WHO ARE YOUR RESEARCH MENTORS?
I have had a number of wonderful mentors since I became interested in stroke neurology many years ago. Dr. Oscar Benavente came from San Antonio in the middle of my residency and he's the most encouraging, patient, intelligent man. He's very committed to stroke patients and also to resident education. He's been very helpful in my understanding of the mechanics of operating large clinical trials and also in understanding underlying research methodology and evidence-based medicine.
I'm also very grateful to the other mentors that have encouraged my work — particularly Dr. Michael Hill at the Calgary Stroke Program, my mentors at Dalhousie, the stroke team at Vancouver General Hospital, as well as Dr. Jon Stoessl, my division head at UBC.
WERE YOU ALWAYS INTERESTED IN NEUROLOGY?
No, growing up in Calgary, I thought the mountains were very beautiful and that it would be interesting to study geology. One early summer in my undergrad, when I was doing geology field camp, I thought about how these geological formations have been made over millions of years and would go on to outlast human beings. I decided then that it might be more meaningful for me personally to do something on a more human time scale.
So, the next time I was deciding between summer jobs: looking for meteorites by myself in Northern Alberta or working with the Calgary Stroke Program, I chose the stroke program. That was my first contact with tPA, which had recently been introduced, so it was a very exciting time in stroke and it left a deep impression on me.
DID ANY PATIENTS INSPIRE YOU?
Seeing my first tPA patient was very inspiring for me. tPA doesn't always work perfectly but I saw a patient with a dramatic hemispheric syndrome recover significantly within the hour when they'd given the clotbuster. Watching his wife the whole time — first responding to the incredible disability that her husband had and then to the dramatic change that happened right in front of her eyes — was deeply striking for me.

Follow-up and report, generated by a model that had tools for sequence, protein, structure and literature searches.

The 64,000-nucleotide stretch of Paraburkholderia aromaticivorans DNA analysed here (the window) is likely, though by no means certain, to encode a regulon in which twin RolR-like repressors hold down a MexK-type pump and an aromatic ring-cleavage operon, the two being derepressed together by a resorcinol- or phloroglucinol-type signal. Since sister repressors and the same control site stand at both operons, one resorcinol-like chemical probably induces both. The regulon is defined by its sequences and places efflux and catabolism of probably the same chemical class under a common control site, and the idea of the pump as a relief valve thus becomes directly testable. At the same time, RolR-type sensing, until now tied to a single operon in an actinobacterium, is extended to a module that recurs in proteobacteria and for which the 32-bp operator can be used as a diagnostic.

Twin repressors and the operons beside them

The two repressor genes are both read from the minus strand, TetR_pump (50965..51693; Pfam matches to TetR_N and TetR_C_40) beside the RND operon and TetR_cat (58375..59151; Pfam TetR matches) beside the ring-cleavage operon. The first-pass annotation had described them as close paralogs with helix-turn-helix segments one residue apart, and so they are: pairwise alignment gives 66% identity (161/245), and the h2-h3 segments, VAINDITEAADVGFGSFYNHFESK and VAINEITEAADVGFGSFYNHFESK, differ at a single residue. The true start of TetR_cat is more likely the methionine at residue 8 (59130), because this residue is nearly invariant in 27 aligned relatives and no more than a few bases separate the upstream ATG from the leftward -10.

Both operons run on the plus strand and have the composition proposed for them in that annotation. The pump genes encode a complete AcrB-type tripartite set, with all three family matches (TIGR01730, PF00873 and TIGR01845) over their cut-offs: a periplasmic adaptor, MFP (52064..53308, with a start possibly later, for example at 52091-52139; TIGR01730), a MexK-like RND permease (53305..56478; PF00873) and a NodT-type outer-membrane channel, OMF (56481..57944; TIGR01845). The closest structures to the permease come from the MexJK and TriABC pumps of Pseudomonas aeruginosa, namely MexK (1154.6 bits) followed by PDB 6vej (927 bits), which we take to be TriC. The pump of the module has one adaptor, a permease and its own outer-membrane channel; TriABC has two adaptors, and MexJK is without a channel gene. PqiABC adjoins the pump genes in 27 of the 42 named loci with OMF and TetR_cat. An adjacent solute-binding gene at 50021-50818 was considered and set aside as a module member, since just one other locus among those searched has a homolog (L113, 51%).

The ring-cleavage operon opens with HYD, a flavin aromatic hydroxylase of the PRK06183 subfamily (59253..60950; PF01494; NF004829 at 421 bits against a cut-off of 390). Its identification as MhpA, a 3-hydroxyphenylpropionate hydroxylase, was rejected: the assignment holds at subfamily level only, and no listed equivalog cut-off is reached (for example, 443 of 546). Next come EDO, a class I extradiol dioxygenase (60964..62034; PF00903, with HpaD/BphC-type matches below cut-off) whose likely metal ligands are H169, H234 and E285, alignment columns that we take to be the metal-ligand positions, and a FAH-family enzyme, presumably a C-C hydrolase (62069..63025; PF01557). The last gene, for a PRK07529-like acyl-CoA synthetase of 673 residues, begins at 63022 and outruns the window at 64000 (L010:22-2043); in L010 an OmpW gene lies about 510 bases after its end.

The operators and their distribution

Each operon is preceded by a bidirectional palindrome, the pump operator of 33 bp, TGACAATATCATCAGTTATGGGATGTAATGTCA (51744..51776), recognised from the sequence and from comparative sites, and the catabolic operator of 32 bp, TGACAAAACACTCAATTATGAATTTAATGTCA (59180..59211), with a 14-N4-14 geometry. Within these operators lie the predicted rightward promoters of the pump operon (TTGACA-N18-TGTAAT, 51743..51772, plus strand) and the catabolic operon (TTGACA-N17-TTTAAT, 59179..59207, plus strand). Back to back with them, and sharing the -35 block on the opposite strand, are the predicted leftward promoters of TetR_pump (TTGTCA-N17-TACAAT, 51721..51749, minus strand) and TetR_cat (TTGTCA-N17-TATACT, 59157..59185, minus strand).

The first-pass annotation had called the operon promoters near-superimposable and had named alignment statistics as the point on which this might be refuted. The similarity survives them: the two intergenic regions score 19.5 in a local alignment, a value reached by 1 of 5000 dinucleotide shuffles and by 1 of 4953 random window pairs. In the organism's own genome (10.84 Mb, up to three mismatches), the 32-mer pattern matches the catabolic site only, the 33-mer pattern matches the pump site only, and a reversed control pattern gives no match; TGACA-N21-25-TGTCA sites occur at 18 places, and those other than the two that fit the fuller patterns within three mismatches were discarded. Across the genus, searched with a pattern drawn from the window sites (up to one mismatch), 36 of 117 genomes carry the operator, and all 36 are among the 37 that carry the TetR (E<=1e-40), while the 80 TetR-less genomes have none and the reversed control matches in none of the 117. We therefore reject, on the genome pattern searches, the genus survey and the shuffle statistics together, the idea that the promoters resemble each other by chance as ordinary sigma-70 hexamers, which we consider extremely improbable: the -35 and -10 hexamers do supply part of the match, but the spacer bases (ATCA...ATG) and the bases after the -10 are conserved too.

TELL US SOMETHING ABOUT YOURSELF THAT MIGHT SURPRISE OUR READERS.
When I was an undergraduate at Harvard, for four years, I used to have a radio show in the middle of the night. It was an indie rock show, and they were the sort of department that insisted on playing things that you could not hear on other stations — we had to undergo a pretty intense training process, listening to certain obscure or important records and then having writing assignments about them.
It was fun except, for whatever reason, all the premed courses were really early in the morning. I used to have the last rock slot on the radio, which is between 2:30 AM and 5 AM, and then I had a chemistry class at 8 AM the next morning — I would not recommend that to anyone!
AAN Clinical Research Training Fellowships are funded by American Academy of Neurology and the American Academy of Neurology Foundation, and provide $55,000 per year for two years, plus $10,000 per year for tuition to support formal education in clinical research methodology at the fellow's institution or elsewhere. Twelve fellowships were awarded for 2012, and more than 80 training fellowships have been awarded through the program since its inception in 1996. For more information about the program, visit http://bit.ly/egrG8L.